The last time I visited St. Louis I was probably 10 years old and I don’t remember a lot to be honest. That’s one of many reasons why I was excited when a stop in the city was added to my whirlwind trip around the country with The Ritz-Carlton. The goal was to discover some great cities around the US that don’t always appear on top ten lists, but probably should. St. Louis was a little different though, my time spent exploring the city wasn’t just nice, it was inspirational. So today I thought I’d share how I spent my 24-hours in St. Louis, what I think are must-do experiences for anyone traveling to the city for the first time.
How To Get High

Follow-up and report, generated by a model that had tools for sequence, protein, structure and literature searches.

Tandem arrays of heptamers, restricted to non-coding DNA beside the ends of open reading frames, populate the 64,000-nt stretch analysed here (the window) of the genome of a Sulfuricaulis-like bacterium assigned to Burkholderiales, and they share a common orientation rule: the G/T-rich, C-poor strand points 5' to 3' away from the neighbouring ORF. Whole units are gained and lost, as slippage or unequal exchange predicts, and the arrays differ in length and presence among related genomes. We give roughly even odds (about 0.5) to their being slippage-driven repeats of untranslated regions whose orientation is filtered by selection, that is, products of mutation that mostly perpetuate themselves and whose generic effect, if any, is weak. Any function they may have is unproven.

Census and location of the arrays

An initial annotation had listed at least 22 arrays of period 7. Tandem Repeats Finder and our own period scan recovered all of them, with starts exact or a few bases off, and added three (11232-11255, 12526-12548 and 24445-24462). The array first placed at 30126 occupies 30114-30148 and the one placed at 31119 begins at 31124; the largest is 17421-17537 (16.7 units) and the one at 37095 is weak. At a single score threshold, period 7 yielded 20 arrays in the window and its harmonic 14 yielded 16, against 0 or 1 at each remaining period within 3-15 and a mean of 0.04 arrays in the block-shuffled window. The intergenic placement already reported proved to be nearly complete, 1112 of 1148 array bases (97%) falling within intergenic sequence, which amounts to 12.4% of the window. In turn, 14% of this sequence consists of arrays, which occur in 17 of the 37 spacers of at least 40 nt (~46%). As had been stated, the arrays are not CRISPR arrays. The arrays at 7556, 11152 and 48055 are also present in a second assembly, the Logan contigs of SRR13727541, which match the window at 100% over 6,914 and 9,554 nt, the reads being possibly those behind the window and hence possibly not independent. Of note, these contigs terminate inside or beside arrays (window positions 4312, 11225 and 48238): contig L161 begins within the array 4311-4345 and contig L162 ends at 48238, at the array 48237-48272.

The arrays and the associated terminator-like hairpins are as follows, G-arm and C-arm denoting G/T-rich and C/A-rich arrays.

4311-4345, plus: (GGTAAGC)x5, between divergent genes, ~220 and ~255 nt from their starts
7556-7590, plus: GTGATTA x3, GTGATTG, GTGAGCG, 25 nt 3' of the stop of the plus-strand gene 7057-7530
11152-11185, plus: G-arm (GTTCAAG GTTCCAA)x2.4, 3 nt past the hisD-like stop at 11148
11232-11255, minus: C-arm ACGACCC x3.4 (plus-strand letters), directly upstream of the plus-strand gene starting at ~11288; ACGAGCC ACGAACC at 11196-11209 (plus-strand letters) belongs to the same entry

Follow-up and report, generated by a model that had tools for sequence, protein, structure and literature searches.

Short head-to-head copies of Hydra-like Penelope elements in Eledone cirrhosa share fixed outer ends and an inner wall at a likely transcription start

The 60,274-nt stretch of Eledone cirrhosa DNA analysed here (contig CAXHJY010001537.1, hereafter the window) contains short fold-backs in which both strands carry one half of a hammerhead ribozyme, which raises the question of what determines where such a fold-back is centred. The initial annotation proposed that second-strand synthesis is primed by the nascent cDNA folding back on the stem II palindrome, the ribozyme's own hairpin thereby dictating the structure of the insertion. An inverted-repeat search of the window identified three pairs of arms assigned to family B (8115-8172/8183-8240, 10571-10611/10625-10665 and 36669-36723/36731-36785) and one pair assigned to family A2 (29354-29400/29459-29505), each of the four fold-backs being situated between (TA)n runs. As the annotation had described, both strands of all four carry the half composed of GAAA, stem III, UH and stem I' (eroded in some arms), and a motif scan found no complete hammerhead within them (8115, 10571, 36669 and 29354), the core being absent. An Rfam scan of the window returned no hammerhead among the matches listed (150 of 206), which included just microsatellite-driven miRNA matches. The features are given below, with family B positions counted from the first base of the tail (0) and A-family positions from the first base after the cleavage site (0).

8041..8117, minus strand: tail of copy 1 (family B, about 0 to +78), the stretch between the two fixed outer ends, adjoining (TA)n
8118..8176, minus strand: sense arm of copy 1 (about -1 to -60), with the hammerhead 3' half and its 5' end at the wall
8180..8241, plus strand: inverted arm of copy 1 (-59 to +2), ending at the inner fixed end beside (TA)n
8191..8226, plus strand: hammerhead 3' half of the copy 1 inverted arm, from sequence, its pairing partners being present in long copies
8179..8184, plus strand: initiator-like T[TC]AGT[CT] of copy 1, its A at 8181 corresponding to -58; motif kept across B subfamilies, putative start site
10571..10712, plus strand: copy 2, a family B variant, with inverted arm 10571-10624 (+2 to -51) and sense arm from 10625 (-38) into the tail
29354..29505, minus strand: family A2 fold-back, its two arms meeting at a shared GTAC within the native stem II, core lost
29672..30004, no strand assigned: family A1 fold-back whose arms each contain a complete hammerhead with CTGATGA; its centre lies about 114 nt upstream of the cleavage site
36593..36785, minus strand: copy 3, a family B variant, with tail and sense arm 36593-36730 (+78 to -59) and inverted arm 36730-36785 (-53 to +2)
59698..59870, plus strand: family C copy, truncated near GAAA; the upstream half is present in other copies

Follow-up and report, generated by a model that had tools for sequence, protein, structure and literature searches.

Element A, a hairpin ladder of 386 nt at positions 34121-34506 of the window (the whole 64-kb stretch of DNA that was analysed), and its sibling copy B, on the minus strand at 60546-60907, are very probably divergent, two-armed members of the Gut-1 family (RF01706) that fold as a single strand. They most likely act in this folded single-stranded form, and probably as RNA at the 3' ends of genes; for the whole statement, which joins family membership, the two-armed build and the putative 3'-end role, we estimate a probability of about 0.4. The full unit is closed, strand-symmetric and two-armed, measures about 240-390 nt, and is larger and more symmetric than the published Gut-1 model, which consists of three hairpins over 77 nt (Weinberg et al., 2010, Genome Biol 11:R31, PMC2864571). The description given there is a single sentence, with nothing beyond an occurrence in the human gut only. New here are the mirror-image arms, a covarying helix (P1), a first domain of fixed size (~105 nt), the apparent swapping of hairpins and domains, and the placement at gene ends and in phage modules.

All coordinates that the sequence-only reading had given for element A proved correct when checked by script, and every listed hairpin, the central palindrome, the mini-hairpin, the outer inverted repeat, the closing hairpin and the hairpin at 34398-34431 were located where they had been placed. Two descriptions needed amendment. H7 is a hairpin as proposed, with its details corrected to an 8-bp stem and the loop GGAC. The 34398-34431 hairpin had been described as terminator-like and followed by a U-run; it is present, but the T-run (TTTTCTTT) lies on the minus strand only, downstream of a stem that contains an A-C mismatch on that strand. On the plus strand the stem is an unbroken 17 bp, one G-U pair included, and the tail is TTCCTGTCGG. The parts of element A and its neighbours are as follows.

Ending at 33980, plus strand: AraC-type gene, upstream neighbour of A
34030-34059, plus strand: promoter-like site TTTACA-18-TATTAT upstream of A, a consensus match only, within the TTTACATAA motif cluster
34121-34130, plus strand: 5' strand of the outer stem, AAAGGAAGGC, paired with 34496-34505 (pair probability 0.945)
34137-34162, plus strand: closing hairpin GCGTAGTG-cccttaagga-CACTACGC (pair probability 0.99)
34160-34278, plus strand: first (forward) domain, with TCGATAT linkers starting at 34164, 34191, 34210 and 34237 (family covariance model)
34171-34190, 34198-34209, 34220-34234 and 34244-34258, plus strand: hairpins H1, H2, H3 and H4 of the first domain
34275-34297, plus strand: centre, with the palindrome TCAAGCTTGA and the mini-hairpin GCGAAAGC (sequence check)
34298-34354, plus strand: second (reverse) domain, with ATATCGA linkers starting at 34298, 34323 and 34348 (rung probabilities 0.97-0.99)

The 630-foot tall Gateway Arch is St. Louis’ most recognizable landmark and should be at the top of the list for every first-time visitor to the city. I sadly don’t think a design as forward-thinking as this would be built today, but it was the winning concept back in the 1960s when it was constructed as a nod to the importance of St. Louis in the western expansion of the United States. Now a National Park, visitors can purchase timed tickets to take the 3-minute tram ride to the top of this mighty structure, which is exactly what I did first thing in the morning. I could tell it was going to be another hot day, but the skies were clear as I looked out across St. Louis in one direction and then towards the mighty Mississippi River and Illinois in the other. It was beautiful, and I wasn’t the only one who stood there transfixed by the scenes below. So much more than just a panoramic window, standing there stirred up something deep inside, a respect for the amazing growth and progress this country has seen over the years. Standing under the incredible Arch itself, the sun twinkling off of the stainless steel I couldn’t help but be drawn in by its inherent beauty. It’s a languid monument, with no rough edges it seems to flow almost like the Mississippi that runs alongside it.